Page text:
And the researchers dug away and I can no longer remember exactly what they did and how many interviews they conducted and all that jazz, all I can remember is that they’d done the job properly and I went to the trouble of actually reading what they’d found out and it turned out they’d discovered something amazing and wonderful:

One of the key determinants of whether or not an entrepreneur wanted to establish a business that would keep getting bigger and bigger was the relationship the individual had had with their father

Roughly speaking, and in extremis, if the father had died while the child was young, the individual was dramatically more likely than otherwise to want to build a growth-oriented business.  As adults, we still seek the affectionate affirmation of our parents and, if we are lucky, we can show them the things we’ve done and they can pat us on the head and tell us how clever and wonderful we are.  If we are unlucky, they are gone, and no matter how big you make it, no matter how fabulous or impressive it is, the idealised and absent daddy who disappeared at such a formative stage cannot put you at your ease.  There is nothing else to do but keep going: achieve bigger, shinier, more impressive.

Here, suddenly, the quest for ‘status’ is simply the quest for love and affection, for the retrieval of irretrievable sensations of infancy and childhood, for the comfort of the pre-conscious home. The desire to achieve, the urge to be top, is us searching for love.  The more elusive it is, the more driven the search, the greater the desire to be top.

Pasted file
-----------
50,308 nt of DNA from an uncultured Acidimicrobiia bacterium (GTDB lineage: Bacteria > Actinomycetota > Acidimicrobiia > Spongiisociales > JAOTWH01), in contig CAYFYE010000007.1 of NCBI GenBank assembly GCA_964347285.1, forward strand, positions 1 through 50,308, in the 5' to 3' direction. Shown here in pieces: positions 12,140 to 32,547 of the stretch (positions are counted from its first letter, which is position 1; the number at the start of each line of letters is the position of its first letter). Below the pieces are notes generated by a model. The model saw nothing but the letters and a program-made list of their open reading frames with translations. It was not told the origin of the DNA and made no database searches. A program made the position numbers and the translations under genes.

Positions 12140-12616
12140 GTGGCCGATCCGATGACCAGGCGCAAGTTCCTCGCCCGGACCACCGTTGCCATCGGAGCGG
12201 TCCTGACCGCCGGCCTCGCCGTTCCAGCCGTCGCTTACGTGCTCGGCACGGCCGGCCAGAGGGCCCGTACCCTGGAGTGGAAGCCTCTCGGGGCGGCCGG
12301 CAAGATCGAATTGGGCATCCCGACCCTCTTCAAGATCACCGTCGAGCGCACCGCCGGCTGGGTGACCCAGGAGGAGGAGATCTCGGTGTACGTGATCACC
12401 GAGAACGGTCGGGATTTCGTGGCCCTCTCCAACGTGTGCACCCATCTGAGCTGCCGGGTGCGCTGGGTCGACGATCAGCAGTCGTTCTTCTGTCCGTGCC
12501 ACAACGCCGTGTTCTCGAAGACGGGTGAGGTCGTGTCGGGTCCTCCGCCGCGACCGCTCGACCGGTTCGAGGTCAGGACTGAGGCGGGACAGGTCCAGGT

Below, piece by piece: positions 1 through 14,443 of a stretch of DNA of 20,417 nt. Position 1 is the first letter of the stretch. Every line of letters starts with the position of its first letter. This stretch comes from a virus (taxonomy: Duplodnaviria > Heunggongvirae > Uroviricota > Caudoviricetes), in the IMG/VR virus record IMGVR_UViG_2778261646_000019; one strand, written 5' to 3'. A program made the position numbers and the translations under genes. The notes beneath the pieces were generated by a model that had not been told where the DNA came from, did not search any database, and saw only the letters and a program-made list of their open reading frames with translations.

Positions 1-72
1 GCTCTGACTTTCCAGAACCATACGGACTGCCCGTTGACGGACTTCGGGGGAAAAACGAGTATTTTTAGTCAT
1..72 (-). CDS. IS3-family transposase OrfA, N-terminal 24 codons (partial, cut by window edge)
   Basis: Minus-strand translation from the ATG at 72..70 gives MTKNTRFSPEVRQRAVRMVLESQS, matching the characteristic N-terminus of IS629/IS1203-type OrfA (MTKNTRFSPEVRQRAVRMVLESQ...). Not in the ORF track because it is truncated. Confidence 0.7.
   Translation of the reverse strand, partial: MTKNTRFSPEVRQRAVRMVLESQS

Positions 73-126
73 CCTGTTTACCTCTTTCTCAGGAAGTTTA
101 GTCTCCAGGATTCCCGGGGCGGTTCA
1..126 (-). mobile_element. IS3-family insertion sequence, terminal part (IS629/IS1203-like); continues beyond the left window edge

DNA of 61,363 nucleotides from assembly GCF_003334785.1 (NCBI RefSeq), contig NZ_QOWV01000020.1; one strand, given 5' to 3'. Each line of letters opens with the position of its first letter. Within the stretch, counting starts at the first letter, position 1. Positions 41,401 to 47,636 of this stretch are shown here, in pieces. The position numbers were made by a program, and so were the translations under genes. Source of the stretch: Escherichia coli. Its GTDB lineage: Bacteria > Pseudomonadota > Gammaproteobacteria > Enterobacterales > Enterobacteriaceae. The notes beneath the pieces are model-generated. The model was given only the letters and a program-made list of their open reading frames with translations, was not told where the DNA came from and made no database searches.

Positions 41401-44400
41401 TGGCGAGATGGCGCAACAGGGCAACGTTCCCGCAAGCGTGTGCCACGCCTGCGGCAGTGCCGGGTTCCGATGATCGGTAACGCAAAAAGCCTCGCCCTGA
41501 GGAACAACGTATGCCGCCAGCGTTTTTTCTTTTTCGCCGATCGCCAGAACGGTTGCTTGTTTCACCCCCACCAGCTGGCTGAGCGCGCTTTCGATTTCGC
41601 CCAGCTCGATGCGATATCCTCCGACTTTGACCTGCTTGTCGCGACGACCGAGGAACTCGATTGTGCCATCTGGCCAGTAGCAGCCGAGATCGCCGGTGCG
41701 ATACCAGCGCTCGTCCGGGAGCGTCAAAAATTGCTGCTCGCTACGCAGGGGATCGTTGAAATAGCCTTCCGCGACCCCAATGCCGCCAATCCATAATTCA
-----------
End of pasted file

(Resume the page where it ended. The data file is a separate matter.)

By contrast, when people are making love, they very often take it in turns to be on top.


So maybe the challenge of moving from the competition of trying to be top, to the collaboration of taking it in turns to be on top, is analogous to the maturation of love from the parent/child dependency to the partner/partner equality.  And maybe, to go further, and to consider the matter at a collective level, to move on from the zero-sum game of competitive capitalism, we just need to get more collaborative and grow up a bit.



Monday, 28 July 2014

If we score five goals, will we win?


In a set piece speech a couple of weeks ago, the leader of one of our major political parties set out five goals that would characterise his party’s economic policy should they win the next election:

·         restore trust in Britain’s institutions
·         create a skilled workforce
·         an industrial policy for good private sector jobs in every region
·         tackle the culture of short-termism
·         reform financial markets

I have three remarks.

First remark

More of a quiz question actually.  Can you guess which leader uttered these gems?